The news of strife and suffering in Africa seems to be never ending. Support for the All Africa Conference of Churches from the Christmas Bowl helps to meet the needs of refugees displaced by conflict and disaster. As the regional interchurch bodies seek to mediate or resolve potential conflicts, international Christian aid is directed to dealing with the causes that lead to refugee crises. The aim is build a "culture of peace". The process of conflict resolution is beginning with the churches in Rwanda, Burundi, Congo, Sudan, Liberia, Sierra-Leone and Senegal. Reconciliation between ethnic and religious groups is being strengthened in countries which have entered into formal peace agreements, including Mozambique and South Africa. The Council of Churches also co-ordinates 15 programs of assistance to refugees in Africa. Now we have special responsibilities in this part of the world in East Timor.

The Australian Churches aid worker, Rev Dr Malcolm McArthur, who reported the case of Josnara in Bangladesh visited Sudan, a country where the Christian minority has suffered severely under a hostile government. He met with Fr Raphael Riel who lives with besieged people in Southern Sudan and Bishop Solomona who lives and works with refugees. Malcolm writes, "I was both proud of the resilience of the church and people of Sudan, and ashamed of my own life in Australia." One of the greatest concerns of the southern Sudanese is that a whole generation is growing up without education. The Sudanese Council of Churches has opened about 3000 schools and each has an average of ten teachers, all volunteers. The schools have to move around in the bush to avoid government and rebel troops. You might have heard news a while back of Australian Catholic missionaries being captured from a school by rebel troops. About 1500 of the schools are still going. Malcolm reports that the church and the people are "troubled but not destroyed".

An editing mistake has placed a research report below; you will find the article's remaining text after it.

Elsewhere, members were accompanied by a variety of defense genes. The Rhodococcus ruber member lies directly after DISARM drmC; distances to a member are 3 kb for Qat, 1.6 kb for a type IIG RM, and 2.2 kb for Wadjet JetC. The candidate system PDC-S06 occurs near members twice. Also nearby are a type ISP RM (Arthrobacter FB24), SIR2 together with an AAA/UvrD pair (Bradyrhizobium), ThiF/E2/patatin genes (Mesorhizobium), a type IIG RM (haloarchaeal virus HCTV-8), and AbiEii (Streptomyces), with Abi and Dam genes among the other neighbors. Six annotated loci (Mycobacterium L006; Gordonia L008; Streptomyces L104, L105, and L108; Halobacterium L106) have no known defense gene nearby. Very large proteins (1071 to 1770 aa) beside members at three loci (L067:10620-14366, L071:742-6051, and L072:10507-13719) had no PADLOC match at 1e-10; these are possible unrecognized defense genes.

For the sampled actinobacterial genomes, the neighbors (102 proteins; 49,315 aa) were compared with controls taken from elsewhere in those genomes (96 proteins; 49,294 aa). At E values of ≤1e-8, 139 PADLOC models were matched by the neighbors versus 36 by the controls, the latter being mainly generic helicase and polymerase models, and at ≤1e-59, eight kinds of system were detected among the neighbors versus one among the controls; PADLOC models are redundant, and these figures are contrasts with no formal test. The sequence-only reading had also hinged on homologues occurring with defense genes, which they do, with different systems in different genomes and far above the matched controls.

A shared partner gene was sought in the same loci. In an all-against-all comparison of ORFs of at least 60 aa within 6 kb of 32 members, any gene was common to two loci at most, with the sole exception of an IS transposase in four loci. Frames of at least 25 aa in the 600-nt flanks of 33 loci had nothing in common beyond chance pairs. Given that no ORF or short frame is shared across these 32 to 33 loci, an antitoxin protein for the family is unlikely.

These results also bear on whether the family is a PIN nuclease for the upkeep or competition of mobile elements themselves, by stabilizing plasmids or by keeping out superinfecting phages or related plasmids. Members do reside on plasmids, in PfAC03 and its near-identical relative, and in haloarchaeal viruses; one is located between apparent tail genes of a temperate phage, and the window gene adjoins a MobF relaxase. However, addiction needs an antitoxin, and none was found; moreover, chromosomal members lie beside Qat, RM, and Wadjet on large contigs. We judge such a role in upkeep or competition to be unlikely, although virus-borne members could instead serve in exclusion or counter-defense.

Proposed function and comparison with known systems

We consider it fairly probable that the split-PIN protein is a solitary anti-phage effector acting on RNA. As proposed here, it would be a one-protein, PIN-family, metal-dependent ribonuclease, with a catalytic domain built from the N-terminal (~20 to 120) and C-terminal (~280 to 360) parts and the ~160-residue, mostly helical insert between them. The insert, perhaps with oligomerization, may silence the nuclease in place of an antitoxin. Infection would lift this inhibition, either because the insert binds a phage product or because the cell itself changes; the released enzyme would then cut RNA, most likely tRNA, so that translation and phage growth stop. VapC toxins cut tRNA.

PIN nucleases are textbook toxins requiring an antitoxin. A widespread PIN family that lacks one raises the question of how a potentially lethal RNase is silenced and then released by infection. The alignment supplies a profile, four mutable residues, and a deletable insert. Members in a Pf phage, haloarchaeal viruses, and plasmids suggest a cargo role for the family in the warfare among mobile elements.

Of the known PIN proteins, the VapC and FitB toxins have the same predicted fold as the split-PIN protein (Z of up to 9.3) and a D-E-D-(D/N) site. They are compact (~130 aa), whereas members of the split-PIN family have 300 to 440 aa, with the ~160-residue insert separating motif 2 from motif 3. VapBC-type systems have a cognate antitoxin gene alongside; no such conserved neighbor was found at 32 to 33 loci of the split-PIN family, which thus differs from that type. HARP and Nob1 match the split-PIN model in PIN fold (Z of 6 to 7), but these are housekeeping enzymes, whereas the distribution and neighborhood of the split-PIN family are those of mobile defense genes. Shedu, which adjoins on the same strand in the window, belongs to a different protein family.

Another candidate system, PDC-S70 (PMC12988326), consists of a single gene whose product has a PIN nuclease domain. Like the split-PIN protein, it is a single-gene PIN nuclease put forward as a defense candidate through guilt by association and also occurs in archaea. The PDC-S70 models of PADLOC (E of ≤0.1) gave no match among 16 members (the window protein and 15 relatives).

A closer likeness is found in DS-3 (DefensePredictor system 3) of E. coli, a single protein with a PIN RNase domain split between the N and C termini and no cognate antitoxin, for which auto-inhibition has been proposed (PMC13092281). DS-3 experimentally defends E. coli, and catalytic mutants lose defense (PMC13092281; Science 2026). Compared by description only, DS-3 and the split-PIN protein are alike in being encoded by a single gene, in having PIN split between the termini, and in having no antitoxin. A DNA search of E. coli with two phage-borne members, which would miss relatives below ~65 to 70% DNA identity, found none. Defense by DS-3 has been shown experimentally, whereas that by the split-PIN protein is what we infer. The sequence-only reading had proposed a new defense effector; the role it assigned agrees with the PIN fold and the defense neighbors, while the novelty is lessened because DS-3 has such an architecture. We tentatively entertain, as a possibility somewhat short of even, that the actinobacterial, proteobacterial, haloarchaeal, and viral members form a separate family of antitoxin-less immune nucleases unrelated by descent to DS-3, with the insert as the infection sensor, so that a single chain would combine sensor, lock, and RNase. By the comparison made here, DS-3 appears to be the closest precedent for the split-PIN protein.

These examples are from experience over several years, but the needs continue in one way or another and they are only a few of the many points of action in which you can share through the Christmas bowl. The contributions you make to the Christmas Bowl go directly into local programs managed by our partner churches around the world. There can be no better expression of the hope for justice with which we await the coming of the Lord. So in deed as in word we witness to faith in the justice of God as we share with people in need, and still with the ancient prophet who cried out:

O that you would tear open the heavens and come down, so that the mountains would quake at your presence-- {2} as when fire kindles brushwood and the fire causes water to boil-- to make your name known to your adversaries, so that the nations might tremble at your presence!